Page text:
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by Stu Noss

The Key Characteristics of a Short Story Plot

The plot of a short story normally contains 5 key characteristics;

1) You must have a plot and by that we mean a series of events or character ‘actions’ that relate to the central conflict of the story (that needs resolving in one way or another)

2) You need a central conflict to be going on in your story. Normally your main character (or characters) are on one side of this conflict and are seeking some form of resolution. The main character will always struggle against those on the other side, be they other characters, forces of nature, society or a way of thinking (to name a few).

3) Within all of this there must be a central theme to the story. A theme is the main idea or belief that either motivates the characters or is a part of the outcome (and thus probably the moral to the story).

4) Setting is crucial for all of this. Have a clear sense of time and place is extremely important for both the reader to imagine the events you present and for the writer to contextualize their plot, theme and conflict within. The sights, smells and seasons of a short story provide the setting in which the characters exist and operate within.

5) Lastly, but perhaps most important, we have characters. A story wouldn’t be a story without them. These are the people, animals or entities that take part in the story and are trying to seek some for of outcome or resolution to the conflict that forms your plot. Their motivation is driven by the theme and the environment they exist within is of course your setting.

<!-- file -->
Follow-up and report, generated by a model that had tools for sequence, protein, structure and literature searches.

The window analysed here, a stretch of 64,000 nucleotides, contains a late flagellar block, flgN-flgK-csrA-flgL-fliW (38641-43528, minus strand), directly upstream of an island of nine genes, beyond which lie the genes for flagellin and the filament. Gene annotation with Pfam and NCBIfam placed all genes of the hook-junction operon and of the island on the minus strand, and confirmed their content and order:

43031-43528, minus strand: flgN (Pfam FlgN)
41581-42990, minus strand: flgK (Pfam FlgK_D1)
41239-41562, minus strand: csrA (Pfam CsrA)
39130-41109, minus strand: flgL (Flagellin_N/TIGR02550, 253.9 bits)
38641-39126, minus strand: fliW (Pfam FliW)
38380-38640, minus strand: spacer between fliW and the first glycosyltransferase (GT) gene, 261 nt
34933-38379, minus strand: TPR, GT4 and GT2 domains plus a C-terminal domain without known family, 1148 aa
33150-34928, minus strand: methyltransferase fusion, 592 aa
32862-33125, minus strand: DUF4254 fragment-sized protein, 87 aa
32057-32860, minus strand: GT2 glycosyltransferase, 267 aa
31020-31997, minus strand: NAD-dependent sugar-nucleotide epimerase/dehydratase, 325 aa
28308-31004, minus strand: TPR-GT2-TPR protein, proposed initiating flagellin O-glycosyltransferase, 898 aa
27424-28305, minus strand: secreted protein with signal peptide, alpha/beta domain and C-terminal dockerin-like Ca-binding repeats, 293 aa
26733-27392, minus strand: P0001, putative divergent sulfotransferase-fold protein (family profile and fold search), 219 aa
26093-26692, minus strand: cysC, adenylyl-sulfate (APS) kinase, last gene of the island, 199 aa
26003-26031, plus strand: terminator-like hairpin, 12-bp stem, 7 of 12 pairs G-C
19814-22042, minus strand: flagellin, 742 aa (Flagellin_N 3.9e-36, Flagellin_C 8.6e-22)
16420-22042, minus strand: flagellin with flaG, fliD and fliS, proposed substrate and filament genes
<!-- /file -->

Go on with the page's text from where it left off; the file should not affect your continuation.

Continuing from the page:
A Great Example of the 5 Characteristics at work:

So lets give you an example to contextualize all of this.

In his recent short story ‘Cake or Pie or Timmy’, Stephen Schwegler follows all 5 short story rules.

  • He has two central characters that are cats, with other minor characters in the cat Timmy and the Doberman dog plus the unseen characters of the humans the cats live with.
  • His setting is the apartment and neighbourhood that the cats live within.
  • The plot is kept simple; the cats are off to raid a neighbours for pie. Will they succeed?
  • The central conflict is two-fold. Will they be able to overcome the dog and get the pie plus should they divert their attentions and go save Timmy from the well instead?
  • Which leaves use with the central theme to the story – should self-interest overrule doing the right thing and helping those less fortunate than ourselves, even if it means we have to give up or lose out on the thing we really want?

So as we can see, structuring a short story doesn’t have to be overly complex or massively diverse. It can be kept simple yet remain hugely effective (we do love cake or Pie or Timmy here at Solqu Shorts!)

The Future of the Short

Of course the short story is a young and fluid thing. It is constantly evolving in form and style. So having a little understanding of its evolution can also help you develop the short story into a format that works for you.

So why not also have a read of our sections on;

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One thought on “How to Create a Short Story Plot

  1. Pingback: Defining the Short Story « SolQu Shorts

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